Home care workers cite a slew of system failures in a letter to the Winnipeg widower who was denied palliative care
A group of caregivers in Manitoba say they are being struck by delays that kept a Winnipeg woman from receiving palliative care services at her home before she died and says this isn’t the first time this has happened .
On Saturday, Katherine Ellis, 62, died after opting for palliative care at home last month after being diagnosed with stage 4 pancreatic cancer in November.
Her partner, Eric De Schepper, said in the period between Elli’s return home in mid-January and her death, he was there for her without the home care promised when they left the hospital.
De Schepper received a letter on Thursday written by a group of concerned nurses who fear for the future of their profession.
“Thank you for going public because we can’t,” the letter said.
“Please know that you are not alone and that this is not an isolated case. Many of us have experienced this situation and are haunted by the faces of grieving families who have been given the responsibility to let us know that they no longer need our services.”
De Schepper said he filed a complaint with the Manitoba Ombudsman after Ellis’ death and named the Winnipeg regional health agency on the misconduct disclosure form.
He said his partner of decades was left lying on the same sheets for weeks without more than a sponge bath because De Schepper couldn’t help her out of bed on her own.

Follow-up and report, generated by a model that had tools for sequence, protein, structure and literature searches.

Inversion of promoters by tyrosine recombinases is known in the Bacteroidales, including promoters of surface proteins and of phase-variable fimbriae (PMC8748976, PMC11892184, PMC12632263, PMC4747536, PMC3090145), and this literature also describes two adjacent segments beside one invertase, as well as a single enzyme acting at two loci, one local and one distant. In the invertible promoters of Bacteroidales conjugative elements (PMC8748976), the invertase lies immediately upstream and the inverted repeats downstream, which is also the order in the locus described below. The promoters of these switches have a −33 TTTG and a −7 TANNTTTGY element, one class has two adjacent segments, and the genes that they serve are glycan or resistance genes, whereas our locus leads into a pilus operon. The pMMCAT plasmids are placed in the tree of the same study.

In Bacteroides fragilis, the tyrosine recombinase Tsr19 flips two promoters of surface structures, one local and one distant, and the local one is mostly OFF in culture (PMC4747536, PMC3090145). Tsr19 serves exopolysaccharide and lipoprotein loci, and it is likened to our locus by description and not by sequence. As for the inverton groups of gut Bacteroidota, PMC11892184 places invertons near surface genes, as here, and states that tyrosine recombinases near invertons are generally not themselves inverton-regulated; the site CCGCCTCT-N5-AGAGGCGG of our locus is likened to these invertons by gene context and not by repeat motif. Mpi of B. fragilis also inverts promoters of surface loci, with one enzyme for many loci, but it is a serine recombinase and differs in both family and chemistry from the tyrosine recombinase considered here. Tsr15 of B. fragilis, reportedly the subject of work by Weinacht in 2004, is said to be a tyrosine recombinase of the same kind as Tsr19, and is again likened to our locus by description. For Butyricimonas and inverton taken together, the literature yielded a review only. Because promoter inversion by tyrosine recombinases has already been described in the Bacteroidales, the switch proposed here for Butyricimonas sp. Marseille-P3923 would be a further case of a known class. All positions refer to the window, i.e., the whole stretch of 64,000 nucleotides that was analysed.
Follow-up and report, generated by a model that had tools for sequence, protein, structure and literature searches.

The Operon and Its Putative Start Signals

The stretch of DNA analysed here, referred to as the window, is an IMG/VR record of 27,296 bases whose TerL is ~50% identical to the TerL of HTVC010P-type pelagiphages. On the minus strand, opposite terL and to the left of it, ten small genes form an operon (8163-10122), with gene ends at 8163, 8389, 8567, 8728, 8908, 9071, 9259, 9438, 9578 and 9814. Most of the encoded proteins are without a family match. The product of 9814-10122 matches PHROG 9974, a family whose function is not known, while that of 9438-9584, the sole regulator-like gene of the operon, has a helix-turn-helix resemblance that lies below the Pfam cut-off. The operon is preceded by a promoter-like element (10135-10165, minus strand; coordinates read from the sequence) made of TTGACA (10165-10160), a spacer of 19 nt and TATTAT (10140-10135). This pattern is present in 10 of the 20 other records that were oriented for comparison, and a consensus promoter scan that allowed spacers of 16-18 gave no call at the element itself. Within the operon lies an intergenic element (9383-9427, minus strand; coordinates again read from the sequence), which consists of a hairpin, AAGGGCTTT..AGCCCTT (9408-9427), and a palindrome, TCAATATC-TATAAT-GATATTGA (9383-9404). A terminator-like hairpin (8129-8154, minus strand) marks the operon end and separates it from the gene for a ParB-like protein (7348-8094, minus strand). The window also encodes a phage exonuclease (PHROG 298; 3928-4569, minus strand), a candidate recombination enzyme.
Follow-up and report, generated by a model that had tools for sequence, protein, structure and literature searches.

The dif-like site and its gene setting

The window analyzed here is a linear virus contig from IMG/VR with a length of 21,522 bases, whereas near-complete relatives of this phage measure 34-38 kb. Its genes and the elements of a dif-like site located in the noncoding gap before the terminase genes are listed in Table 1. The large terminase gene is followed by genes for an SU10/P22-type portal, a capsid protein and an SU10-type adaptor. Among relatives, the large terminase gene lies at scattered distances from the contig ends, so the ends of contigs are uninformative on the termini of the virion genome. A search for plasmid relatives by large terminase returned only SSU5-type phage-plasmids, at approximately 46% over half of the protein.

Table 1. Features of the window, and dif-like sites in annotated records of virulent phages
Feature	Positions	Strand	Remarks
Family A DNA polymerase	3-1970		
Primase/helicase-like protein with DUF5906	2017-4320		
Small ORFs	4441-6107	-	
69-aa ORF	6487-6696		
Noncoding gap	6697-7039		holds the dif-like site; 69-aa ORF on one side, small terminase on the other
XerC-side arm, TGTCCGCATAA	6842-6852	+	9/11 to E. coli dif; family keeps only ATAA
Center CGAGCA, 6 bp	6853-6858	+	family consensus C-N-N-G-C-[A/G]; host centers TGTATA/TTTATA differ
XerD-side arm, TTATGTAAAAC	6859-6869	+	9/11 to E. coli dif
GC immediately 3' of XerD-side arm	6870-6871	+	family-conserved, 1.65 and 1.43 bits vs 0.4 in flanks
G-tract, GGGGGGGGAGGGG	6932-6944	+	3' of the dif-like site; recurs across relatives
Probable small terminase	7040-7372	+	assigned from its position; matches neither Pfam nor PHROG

Every time he asked his palliative care coordinator for home care, he was told they didn’t have the resources to send staff, De Schepper said.
“It’s an outrage. People have to say something about it. If this letter is true, that is unacceptable. That’s dehumanizing. That’s disrespectful. This is misconduct. And that’s another reason I submitted [a complaint]’ said De Schepper in an interview on Thursday.
One of the Winnipeg-based home nurses who wrote the letter said scheduling concerns and work issues raised by health workers and home nurses are not taken seriously and hurt their patients the most.
The worker, who does not give CBC her name because she fears it will affect her career, says she has a co-worker who was left in her office for five hours without work.
“This was right around the time that Eric and his wife were without home care. It’s almost criminal.”
The nursing assistant said when she has a cancellation, she often has nothing to do because her schedule isn’t immediately filled with another home visit.
“There shouldn’t be any downtime,” she said.
CBC News reached out to the Winnipeg Regional Health Board for comment Thursday night in light of the letter, but did not immediately receive a response.
Last week, a spokesman said efforts are being made to review schedules to optimize and increase efficiencies, while utilizing contract services and offering additional hours and overtime to supplement staffing levels as needed.
The home care worker added that if one day their loved one is not receiving home care, she has seen cases where next of kin have not been notified.
“It’s a recipe for disaster. They should call the contact or the customer, and often they don’t do either,” she said.
The home nurse says she and others have tried to bring about change to improve working conditions and patient care but are being looked down on.
“I’ve exhausted almost every single avenue, and it got terminated because we’re just health workers. They don’t respect us, they dismiss our concerns,” she said.
De Schepper says that shouldn’t happen.
“I find it heartbreaking that these people have to deal with this. It seems to me that it is disrespectful in many ways. I have no words to express my outrage.”